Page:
|Defendant Lutfi Dervishi (far right) in court in Pristina. Photo: BIRN.|
Pristina Basic Court on Thursday found Medicus owner Lutfi Dervishi and the clinic’s head anaesthetist Sokol Hajdini guilty of human trafficking and organised crime.
Dervishi was sentenced to seven years and six months in prison and fined 8,000 euros, while Hajdini was jailed for a year.
The Medicus clinic brought kidney donors to Kosovo, illegally removed their organs and sold them to wealthy patients. The operations it carried out in 2008 earned the Pristina-based clinic around 679,000 euros, the court found.
“It has been proved…that Dervishi was a member of an international criminal organisation that functioned as a structured group from January 2, 2008 to November 2008, from his position as the owner and manager of the Medicus clinic, and as a surgeon and surgeon’s assistant,” said presiding judge Franceska Fischer.
Fischer said that it had also been proved that Dervishi recruited patients and participated in several transplant operations knowing that his clinic did not have the required license.
“Knowing that organ transplantation was forbidden, in cooperation with other people and using tools of deception and abusing his sensitive position, he recruited at least seven people, who he sheltered and operated upon at the Medicus clinic with the purpose of using and taking their kidneys and then transplanting them to receiving individuals,” she said.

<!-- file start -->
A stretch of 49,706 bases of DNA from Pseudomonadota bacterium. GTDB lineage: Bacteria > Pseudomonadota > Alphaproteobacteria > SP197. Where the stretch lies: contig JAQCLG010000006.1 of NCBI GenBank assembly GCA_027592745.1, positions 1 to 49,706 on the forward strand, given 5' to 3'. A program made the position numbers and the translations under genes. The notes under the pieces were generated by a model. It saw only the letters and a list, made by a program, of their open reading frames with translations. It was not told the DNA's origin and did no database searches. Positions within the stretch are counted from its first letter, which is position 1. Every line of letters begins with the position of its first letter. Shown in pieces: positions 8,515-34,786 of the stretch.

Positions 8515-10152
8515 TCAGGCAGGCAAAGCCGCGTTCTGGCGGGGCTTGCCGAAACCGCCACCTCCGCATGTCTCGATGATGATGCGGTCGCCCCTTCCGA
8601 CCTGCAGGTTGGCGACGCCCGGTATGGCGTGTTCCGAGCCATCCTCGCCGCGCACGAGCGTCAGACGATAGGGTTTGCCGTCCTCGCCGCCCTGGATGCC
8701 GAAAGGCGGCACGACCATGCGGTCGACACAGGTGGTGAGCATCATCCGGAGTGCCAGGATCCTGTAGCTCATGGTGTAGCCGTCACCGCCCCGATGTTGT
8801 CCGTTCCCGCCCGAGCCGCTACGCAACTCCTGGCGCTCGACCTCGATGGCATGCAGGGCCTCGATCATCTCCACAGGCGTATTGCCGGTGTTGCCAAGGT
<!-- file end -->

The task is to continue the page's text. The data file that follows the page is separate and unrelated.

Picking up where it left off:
Dervishi was also banned from working as an urologist for two years.
The judge said that anaesthetist Hajdini had “participated in seven transplant surgeries in the Medicus clinic knowing that removing organs for transplantation was not legal in Kosovo”.
She added that the crimes were committed with “other known and unknown persons from Kosovo, Turkey, Israel and Ukraine”.
Dervishi’s son Arban Dervishi is also accused of the same crimes and is currently wanted for arrest.
The defendants were initially convicted in 2013, and Kosovo’s appeals court confirmed their convictions in March 2016, jailing Lutfi Dervishi and his son for eight years and Hajdini for five.
But a Supreme Court ruling overturned the original verdict on the basis of procedural irregularities and their retrial started in July 2017.
Police initially raided the Medicus clinic in 2008 after a Turkish man whose kidney had been removed was found seriously ill at Pristina airport.
Donors from Turkey, Russia, Moldova and Kazakhstan were allegedly brought to the clinic after being assured that they would receive up to 15,000 euros for their kidneys.
Another suspect in the case, Moshe Harel, an Israeli citizen accused of being involved in organ-trafficking at the Medicus clinic, was arrested in Cyprus in January this year after several years of being listed as wanted by Interpol.
Turkish doctor Yusuf Sonmez, who is also a suspect in the case, remains at large.
Investigators closed down the Medicus clinic in 2008, and it has since been sold.